Other Changes

The Act includes a number of other important changes, including:

  • FERA changes liability for conspiracy under the FCA from “conspiracy to defraud the government” to conspiracy to violate any of the substantive provisions of the FCA.
  • FERA expands liability for reverse false claims. Previously, a reverse false claim occurred when a person made or used a false record to conceal or decrease an obligation to pay the government. FERA amends this provision to include liability for obligations directly owed to the government.
  • FERA also increases protection against retaliatory measures for persons reporting fraud by an institution subject to the FCA. Such protection now applies not only to employees, but also to agents and contractors. Since agents and contractors encompass many different types of relationships, FERA introduces greater liability for retaliatory measures.

DRA Implications

Health care entities may also have to update the education information they provide on the FCA as required by the Deficit Reduction Act of 2005 (the “DRA”). The DRA requires most health care providers participating in Medicare or Medicaid to educate their employees, contractors and agents about federal and state false claims acts and about the whistleblower protections under the acts. The changes implemented by FERA may need to be included in your organization’s FCA information.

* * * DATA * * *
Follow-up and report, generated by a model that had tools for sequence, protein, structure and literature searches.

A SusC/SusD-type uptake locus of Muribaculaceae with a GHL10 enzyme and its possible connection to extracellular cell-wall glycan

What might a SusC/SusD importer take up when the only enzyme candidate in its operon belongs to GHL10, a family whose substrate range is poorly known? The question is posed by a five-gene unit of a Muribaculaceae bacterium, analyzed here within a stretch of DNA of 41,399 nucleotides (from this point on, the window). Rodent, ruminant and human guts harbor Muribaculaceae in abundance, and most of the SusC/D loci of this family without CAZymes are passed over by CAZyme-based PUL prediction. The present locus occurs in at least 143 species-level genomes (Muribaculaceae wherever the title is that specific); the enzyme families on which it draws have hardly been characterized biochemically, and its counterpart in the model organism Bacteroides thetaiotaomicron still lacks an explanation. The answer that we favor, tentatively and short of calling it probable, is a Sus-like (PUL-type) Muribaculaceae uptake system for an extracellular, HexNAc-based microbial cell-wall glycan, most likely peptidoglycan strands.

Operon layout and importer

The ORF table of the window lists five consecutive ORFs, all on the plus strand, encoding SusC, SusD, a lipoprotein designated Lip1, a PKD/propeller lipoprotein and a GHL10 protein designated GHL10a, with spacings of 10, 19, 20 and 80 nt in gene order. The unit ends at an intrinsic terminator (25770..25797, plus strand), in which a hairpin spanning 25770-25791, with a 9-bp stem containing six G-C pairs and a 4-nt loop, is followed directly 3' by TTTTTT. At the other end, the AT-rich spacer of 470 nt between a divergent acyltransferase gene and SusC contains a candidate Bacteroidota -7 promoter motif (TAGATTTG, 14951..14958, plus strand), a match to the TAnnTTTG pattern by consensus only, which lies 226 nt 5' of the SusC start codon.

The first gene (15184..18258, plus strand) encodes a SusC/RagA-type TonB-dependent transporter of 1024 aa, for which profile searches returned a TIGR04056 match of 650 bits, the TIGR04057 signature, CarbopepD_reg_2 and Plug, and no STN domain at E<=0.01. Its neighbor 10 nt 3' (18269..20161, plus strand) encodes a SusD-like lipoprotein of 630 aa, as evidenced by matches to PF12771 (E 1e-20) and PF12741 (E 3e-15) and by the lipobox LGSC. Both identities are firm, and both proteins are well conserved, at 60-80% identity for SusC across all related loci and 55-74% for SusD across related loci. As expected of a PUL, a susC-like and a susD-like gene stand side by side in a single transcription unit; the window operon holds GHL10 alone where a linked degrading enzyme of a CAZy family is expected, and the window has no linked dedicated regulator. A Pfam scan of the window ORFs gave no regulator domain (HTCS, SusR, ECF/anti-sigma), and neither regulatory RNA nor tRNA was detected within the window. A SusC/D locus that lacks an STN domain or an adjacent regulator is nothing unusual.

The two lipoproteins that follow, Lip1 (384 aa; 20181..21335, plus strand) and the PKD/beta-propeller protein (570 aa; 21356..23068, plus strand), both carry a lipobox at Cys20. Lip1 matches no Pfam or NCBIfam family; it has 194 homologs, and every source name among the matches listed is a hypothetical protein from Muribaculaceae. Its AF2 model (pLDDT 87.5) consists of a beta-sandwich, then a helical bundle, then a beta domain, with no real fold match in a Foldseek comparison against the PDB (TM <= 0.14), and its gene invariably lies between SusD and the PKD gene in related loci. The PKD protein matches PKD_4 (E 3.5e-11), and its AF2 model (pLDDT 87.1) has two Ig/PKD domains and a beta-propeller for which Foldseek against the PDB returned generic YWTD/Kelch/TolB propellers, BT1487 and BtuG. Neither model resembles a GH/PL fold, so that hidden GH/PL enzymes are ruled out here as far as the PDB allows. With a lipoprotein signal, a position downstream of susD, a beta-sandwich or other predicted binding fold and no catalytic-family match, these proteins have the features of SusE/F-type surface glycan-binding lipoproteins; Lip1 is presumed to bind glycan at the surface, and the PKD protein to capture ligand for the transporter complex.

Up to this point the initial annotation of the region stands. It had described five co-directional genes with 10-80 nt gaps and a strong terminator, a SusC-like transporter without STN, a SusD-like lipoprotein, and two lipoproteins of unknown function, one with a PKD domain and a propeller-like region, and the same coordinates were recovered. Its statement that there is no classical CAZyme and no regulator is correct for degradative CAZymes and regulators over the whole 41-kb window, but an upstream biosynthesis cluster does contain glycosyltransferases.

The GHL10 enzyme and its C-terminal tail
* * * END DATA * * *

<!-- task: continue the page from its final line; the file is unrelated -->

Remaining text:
Conclusion

The changes above, the $165 million appropriated to the Department of Justice under FERA, and the creation of the interagency HEAT team serve to demonstrate the government’s far-reaching approach to prosecuting fraud. We expect health care to increasingly be an active area of false claims enforcement. If you have questions about the impact of the Federal Enforcement and Recovery Act of 2009, please contact a member of Bradley Arant Boult Cummings LLP Health Care team.